WHAT IS AN ART GALLERY
Discover its purpose
The art gallery is a reference point for artists, collectors and for the different players of the art world.
According to the The Art Market 2018 report curated by Clare McAndrew for Art Basel and UBS, there are 296,540 galleries at global level that can be divided by taking into account the type of commercialised art:
- Contemporary Art (artists born after 1960)
- Post-war Art (artists born after 1910)
- Modern Art (artists born between 1875 and 1910)
- 19th-Century Art (artists born between 1821 and 1874)
- Old Masters (artists born before 1821)[signinlocker id = 4040] Art galleries, chosen by 66% of international collectors as the preferred purchasing channel, are active between the primary and secondary markets.
The primary market concerns the first sale of the work of an artist – usually living – and the first buyer; the secondary market is linked to works already present on the market they have been already sold at least once in a gallery or auction house, and its artistic value is given for acknowledged.
Among the main tasks of an art gallery, where gallerist and his staff work, we can identify:
- Selection of artists, according to their own mission, following criteria such as geographical (local / national / international), economic (low price range, medium, high or very high), medium (painting, sculpture, photography, video art, new media etc etc …) or even artistic research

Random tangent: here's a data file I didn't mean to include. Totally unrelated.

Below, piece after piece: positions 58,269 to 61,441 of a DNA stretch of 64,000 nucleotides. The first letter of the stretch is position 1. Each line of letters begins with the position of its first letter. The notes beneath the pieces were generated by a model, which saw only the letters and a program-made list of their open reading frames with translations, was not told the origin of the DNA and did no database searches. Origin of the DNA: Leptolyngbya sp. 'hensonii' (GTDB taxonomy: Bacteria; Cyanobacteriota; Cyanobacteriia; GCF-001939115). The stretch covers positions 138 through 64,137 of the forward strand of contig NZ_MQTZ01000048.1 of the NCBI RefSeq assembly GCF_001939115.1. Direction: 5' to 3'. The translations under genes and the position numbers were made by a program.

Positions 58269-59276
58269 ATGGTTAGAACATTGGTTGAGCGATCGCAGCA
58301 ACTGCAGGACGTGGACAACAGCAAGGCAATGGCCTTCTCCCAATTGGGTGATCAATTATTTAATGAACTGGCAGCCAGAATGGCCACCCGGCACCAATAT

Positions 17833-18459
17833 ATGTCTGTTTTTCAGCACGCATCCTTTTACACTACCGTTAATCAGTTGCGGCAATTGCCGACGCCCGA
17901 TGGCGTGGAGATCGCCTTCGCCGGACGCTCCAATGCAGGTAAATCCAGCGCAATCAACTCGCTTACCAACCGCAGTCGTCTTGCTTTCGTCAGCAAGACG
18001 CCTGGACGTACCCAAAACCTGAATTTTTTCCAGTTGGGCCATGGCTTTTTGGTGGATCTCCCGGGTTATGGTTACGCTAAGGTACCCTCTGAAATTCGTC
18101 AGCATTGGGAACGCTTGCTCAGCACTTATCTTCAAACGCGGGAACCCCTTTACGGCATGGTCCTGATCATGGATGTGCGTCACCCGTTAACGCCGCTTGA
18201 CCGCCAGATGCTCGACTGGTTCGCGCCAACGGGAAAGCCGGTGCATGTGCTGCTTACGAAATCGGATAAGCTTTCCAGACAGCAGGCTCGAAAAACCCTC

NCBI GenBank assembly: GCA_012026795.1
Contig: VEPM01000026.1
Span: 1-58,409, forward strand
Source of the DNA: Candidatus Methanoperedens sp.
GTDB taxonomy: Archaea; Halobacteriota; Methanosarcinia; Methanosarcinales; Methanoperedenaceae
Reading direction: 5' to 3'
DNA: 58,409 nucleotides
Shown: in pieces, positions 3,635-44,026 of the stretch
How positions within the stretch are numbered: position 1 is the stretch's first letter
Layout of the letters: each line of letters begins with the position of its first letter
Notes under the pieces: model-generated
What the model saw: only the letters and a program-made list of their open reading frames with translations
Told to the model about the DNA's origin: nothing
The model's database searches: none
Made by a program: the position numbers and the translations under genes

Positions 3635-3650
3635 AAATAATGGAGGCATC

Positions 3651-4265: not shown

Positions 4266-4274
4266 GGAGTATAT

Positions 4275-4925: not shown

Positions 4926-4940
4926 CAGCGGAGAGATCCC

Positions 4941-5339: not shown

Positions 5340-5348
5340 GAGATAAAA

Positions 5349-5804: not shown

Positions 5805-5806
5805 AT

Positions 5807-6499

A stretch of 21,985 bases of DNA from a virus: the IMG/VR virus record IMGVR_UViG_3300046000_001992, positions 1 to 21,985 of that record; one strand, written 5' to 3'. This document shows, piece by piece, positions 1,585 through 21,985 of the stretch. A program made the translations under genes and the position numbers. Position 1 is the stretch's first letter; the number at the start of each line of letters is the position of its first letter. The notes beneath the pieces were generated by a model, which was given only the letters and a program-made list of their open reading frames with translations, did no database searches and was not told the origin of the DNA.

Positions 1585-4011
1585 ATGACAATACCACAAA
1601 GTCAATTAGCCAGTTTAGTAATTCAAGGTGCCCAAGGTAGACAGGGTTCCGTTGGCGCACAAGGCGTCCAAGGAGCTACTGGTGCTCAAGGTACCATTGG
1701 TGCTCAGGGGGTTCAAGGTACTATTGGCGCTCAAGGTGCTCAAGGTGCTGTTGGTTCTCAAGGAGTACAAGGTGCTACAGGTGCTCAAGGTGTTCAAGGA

- Support, enhancement and positioning on the market for their artists, through exhibitions, events and art fairs, in order to promote them to collectors, public or private institutions and curators
- Support for their collectors and help for those who are ready to start their art collection, thanks to the precise and timely knowledge of the national and international artistic scene, within which the artists to be supported are selected
- Guarantee of quality and provenance of the artworks presented within their own space, delivering, after the purchase, the certificate of authenticity as required by law from Article 64 of the “Code of Cultural Heritage and Landscape” at Italian level ( Legislative Decree 42 of 22 January 2004)
Starting from a first classification provided by Donald Thompson in the book “The $ 12 million shark“, the art galleries are divided into four main types:
- Brand Galleries: they take care of the most popular artists of the moment, the so-called blue chips. They benefit from contacts with the best collectors, museum institutions and their directors, and the most influential curators. They take part in the best art fairs in the world and are able to support the market of their artists in multiple places, having several locations in several countries. As an example we can mention Gagosian, White Cube or Hauser & Wirth
- Traditional galleries: they operate by selecting artists who are establishing themselves along with other mid-career artists, promoting them to the various players in the art world. They have stable links with their collectors and geographic positioning near brand galleries; they also participate in a selected list of art fairs
- Commercial galleries: they are incubators of rising or established artists who will afterwords become part of a “traditional gallery”. They work mainly on the territory in which they are geographically positioned, without neglecting the online art market
- Shop galleries: spaces that work with artists who are not yet established, who if required rent the gallery to show off their work, which falls within the first purchase by Art Lovers or occasional collectors
There is also another type of Research Galleries, which are distinguished by the choice of artists and mediums whose market is still developing and can not therefore be defined as stable, such as that linked to Digital Art. [/signinlocker]